ZANAGLIO v. J.J. KENNEDY, INC.
MEMORANDUM ORDER indicating that, for reasons more fully stated in said Order, Defendant's Motion to Dismiss Plaintiffs Demotion Claims 5 ) is granted; that Plaintiff's claims at Counts I and II of Plaintiff's Complaint are dismissed , with prejudice; that Plaintiff's claims with respect to her demotion under the Age Discrimination in Employment Act and Title VII of the 1964 Civil Rights Act at Counts III and IV are dismissed, with prejudice. Signed by Judge Nora Barry Fischer on 8/15/17. (jg)
IN THE UNITED STATES DISTRICT COURT
FOR THE WESTERN DISTRICT OF PENNSYLVANIA
CINDY L. ZANAGLIO,
J.J. KENNEDY, INC.
Civil Action No. 17-874
Hon. Nora Barry Fischer
Presently before the Court is Defendant’s Motion to Dismiss Plaintiff’s Demotion Claims
and supporting briefing, (Docket Nos. , ); Plaintiff’s response in opposition, (Docket Nos.
, ); and Defendant’s reply, (Docket No. ). After careful consideration of the parties’
submissions; the standards governing motions to dismiss set forth by the Supreme Court in Bell
Atl. Corp. v. Twombly, 550 U.S. 544 (2007), and Ashcroft v. Iqbal, 556 U.S. 662, 678 (2009),
and as articulated in Third Circuit precedent, see, e.g., Connelly v. Lane Const. Corp., 809 F.3d
780, 790 (3d Cir. 2016); and for the following reasons, Defendant’s Motion to Dismiss
Plaintiff’s Demotion Claims, (Docket No. ), is GRANTED.
By way of background, Defendant removed this matter from the Court of Common Pleas
of Jefferson County to this Court on June 30, 2017. (Docket No. 1). In her Complaint, Plaintiff,
who is fifty-nine years old, alleges that she worked for Defendant, which operates six ready-mix
concrete plants, for ten years. (Docket No. 1-2 at ¶¶ 1, 3-4). Plaintiff was promoted to plant
manager in 2008 and held the position until 2015. (Id. at ¶ 4). As was typical given the seasonal
nature of the concrete industry, Plaintiff was laid off in October 2014. (Id. at ¶ 5). On May 1,
2015, Plaintiff met with Defendant’s owner and/or president, Paul Rader, Sr., who notified her
that: “(i) it is better to have a male as the plant manager given the physical nature of the work;
(ii) she would be re-assigned as plant assistant and (ii) [sic] her pay would remain the same.”
(Id. at ¶ 6). Christopher Bowser, who was thirty-five years old, replaced Plaintiff as the plant
manager. (Id. at ¶ 7). Plaintiff worked as the plant assistant until she was laid off in August
2015, at which time Mr. Rader informed her that the plant assistant position was being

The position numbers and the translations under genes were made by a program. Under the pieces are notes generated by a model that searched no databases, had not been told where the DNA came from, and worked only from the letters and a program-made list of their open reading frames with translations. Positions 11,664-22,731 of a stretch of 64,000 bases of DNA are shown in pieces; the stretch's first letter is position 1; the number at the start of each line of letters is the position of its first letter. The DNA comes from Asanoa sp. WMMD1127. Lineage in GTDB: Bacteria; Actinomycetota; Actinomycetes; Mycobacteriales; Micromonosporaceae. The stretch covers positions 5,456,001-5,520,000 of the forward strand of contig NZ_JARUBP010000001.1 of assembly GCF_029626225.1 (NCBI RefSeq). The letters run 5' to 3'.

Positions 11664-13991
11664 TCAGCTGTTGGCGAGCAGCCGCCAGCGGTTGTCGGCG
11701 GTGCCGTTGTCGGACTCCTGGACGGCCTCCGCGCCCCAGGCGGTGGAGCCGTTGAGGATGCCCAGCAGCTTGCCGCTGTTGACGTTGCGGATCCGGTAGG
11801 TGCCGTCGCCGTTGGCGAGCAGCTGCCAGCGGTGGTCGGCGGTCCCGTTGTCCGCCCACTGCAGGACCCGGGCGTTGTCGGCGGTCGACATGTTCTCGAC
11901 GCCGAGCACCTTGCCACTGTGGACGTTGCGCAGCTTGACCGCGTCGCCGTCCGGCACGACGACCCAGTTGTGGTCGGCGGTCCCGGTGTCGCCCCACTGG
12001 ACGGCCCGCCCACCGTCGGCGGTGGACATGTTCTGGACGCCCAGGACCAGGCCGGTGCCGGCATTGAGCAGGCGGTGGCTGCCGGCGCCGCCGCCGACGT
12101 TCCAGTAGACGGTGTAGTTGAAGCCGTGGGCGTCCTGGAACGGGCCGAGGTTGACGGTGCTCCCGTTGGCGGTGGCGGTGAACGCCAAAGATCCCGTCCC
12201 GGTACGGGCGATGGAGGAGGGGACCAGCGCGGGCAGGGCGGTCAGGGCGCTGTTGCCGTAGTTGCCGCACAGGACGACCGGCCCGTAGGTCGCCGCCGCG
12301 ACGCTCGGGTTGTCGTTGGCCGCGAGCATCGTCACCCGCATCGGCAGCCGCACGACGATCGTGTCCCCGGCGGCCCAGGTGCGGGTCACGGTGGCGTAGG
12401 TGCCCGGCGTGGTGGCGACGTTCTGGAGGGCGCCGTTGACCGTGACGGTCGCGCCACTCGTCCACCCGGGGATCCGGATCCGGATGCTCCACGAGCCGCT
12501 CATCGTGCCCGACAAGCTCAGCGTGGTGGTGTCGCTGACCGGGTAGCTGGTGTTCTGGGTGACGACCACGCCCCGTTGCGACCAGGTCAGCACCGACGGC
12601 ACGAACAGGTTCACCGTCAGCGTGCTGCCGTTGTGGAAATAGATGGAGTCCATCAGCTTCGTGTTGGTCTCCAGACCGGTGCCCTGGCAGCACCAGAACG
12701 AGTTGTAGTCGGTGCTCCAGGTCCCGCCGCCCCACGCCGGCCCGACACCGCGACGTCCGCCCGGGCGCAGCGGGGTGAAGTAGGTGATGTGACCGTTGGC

eliminated but stated that she would be called back in the spring, in some capacity. (Id. at ¶ 8).
In October 2015, Plaintiff requested reimbursement of her vacation pay until she could file a new
unemployment compensation claim. (Id. at ¶ 9; see also Docket No. 1-2 at 12). In response,
Defendant stated that Plaintiff’s suspension of her employment on August 7, 2015, nullified her
request for reimbursement and that Defendant would make a one-time severance payment to
Plaintiff. (Id. at ¶ 10; see also Docket No. 1-2 at 13). Plaintiff asserts four claims against
Defendant for gender discrimination under the Pennsylvania Human Relations Act (“PHRA”);
age discrimination under the PHRA; discrimination under the Age Discrimination in
Employment Act of 1967 (“the ADEA”); and discrimination under Title VII. (Id. at ¶¶ 25-43).
In support of its Motion to Dismiss, Defendant argues that the complaint Plaintiff filed
with the Pennsylvania Human Relations Commission (“PHRC”) was untimely under the PHRA.
(Docket No. 8 at 2-3). Defendant also asserts that Plaintiff’s claims related to the demotion
under the ADEA and Title VII were untimely filed with the Equal Employment Opportunity
Commission (“EEOC”). (Id. at 3-4). Finally, Defendant contends that Plaintiff’s demotion
claims must be dismissed because her filings with the PHRC only make claims of discrimination
with respect to her discharge. (Id. at 4-5). In response, Plaintiff argues that 42 U.S.C. § 2000e5(e)(3)(A) of the Lilly Ledbetter Fair Pay Act of 2009 (“the FPA”) applies and that the
discriminatory harm she suffered accrued until she was terminated. (Id. at 3-5). Plaintiff admits
“in candor,” however, that she “remains skittish” about the application of § 2000e-5(e)(3)(A),
“given statutory language suggestive of disparate impact cases.” (Id. at 5). Plaintiff also relies